Friday, March 20, 2009

It's tricky

Last weekend, we drained the brake fluid, took out the brake line, and removed the pedal. In addition, we removed the starter solenoid, voltage current regulator and what I believe is the horn relay, so the body is looking quite bare now. I spent a decent amount of time labeling all the wires with masking tape, now the trick is pulling the wires out of the body without tearing off the tape labels.

A few months ago, we abandoned efforts of taking off the windshield finding that simply unscrewing the nut at the bottom of the base was not enough. Chris looked up how to remove the windshield online (thank goodness for the internet) and figured out that we need to also remove the clamps that held the base stakes to the body of the car. We were able to remove the driver side clamp completely, but the passenger side clamp would not budge. The windshield does lift off of the body now, enough to the point where we noticed some cancerous rust on the driver side (holes through the body right underneath the windshield). Add this to the rust list, and the rust list has gotten pretty sizeable. The $350 I'm spending on welding classes at a local high school is looking more and more worth it.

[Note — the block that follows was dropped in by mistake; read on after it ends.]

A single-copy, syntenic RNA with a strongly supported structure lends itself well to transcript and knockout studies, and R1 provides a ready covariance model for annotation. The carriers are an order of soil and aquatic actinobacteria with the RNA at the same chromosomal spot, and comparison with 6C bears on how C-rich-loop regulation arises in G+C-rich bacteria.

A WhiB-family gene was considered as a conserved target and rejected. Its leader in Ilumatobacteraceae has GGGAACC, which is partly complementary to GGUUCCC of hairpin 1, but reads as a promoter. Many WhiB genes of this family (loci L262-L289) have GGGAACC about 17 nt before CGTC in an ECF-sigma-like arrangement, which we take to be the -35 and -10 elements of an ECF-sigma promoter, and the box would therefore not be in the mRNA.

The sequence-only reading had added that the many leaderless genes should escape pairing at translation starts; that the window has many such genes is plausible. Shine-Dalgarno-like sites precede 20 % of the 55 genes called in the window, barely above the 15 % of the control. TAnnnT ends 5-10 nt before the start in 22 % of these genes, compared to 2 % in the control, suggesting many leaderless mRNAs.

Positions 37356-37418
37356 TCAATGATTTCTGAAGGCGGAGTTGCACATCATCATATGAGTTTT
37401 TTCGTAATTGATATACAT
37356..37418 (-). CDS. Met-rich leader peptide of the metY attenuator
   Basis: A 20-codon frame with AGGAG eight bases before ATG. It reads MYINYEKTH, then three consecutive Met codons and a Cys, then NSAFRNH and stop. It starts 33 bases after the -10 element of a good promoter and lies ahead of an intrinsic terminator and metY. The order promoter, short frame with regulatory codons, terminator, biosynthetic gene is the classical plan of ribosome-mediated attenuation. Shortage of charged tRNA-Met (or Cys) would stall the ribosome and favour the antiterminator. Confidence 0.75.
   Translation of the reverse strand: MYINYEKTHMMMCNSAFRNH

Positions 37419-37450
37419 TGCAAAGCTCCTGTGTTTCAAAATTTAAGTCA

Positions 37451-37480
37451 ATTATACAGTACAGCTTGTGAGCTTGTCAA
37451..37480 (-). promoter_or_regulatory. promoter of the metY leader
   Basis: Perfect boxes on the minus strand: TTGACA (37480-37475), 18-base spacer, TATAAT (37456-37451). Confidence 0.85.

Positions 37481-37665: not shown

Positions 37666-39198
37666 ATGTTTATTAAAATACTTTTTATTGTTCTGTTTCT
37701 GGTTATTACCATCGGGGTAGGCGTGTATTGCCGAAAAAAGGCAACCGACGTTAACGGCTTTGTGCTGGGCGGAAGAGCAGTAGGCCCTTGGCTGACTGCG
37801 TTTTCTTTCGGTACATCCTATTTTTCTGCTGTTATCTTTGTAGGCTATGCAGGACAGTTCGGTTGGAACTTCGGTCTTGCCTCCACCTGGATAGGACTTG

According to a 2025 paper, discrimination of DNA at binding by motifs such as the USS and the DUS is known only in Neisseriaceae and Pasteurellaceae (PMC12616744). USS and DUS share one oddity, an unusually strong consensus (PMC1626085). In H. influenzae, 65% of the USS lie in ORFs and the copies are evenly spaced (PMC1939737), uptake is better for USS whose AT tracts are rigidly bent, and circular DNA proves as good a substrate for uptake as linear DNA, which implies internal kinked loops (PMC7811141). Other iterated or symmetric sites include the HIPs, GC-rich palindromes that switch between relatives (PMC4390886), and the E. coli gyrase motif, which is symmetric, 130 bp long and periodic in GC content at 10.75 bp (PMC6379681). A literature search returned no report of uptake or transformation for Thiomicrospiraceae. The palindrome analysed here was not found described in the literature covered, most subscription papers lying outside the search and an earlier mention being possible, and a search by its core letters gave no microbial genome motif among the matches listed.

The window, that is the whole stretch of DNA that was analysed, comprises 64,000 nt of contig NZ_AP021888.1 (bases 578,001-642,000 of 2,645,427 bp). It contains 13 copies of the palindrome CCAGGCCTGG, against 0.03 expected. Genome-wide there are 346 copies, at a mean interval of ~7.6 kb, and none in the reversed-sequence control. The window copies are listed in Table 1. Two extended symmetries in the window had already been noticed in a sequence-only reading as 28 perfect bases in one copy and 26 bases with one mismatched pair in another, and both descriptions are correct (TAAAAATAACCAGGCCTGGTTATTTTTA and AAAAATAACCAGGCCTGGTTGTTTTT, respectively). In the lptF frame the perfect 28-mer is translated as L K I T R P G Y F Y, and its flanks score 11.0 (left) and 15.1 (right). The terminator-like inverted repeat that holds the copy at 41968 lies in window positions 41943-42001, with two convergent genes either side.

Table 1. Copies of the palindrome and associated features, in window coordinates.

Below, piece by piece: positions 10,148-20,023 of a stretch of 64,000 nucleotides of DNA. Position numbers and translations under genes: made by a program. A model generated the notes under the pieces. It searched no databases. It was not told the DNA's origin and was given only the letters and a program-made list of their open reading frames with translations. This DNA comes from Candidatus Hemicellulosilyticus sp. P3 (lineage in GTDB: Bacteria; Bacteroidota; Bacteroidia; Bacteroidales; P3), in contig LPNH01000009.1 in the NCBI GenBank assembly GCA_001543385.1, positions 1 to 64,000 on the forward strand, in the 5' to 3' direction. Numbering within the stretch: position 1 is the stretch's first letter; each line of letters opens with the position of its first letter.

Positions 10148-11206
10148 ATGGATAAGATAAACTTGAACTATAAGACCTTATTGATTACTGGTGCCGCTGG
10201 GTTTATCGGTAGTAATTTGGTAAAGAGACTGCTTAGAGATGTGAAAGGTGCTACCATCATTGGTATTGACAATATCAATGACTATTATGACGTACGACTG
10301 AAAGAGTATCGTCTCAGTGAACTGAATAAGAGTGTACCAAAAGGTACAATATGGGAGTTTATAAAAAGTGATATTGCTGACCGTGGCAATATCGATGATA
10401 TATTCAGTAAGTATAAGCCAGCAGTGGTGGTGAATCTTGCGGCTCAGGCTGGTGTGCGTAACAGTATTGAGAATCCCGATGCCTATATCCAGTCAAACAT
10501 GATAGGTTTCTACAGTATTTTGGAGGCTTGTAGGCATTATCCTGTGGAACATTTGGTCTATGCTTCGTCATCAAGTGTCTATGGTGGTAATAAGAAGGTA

On a side note, I learned that running shoes are not the best welding shoes. On Monday, we started practicing Arc welding. Arc welding sprays sparks everywhere and everywhere also included the tops of my running shoes. Every now and then a spark would melt completely through my shoe and give me a pinpoint burn on the top of my foot. This left a few freckles on my running shoe and more noticeably on my sock. I should probably invest in a pair of steel toe boots, that may be a good idea.

If this weekend stays warm, I'm hoping to take off the windshield fully and be ready to FINALLY take the body off. I spent $20 at Home Depot this past weekend buying 2x4's so I can build a rolling body rig for when the body comes off. Instructions on how to build a body rig yourself can be found on Andre's 1968 Triumph GT6 MK1's site. This definitely solves the issue of where to put the body in a one car garage.

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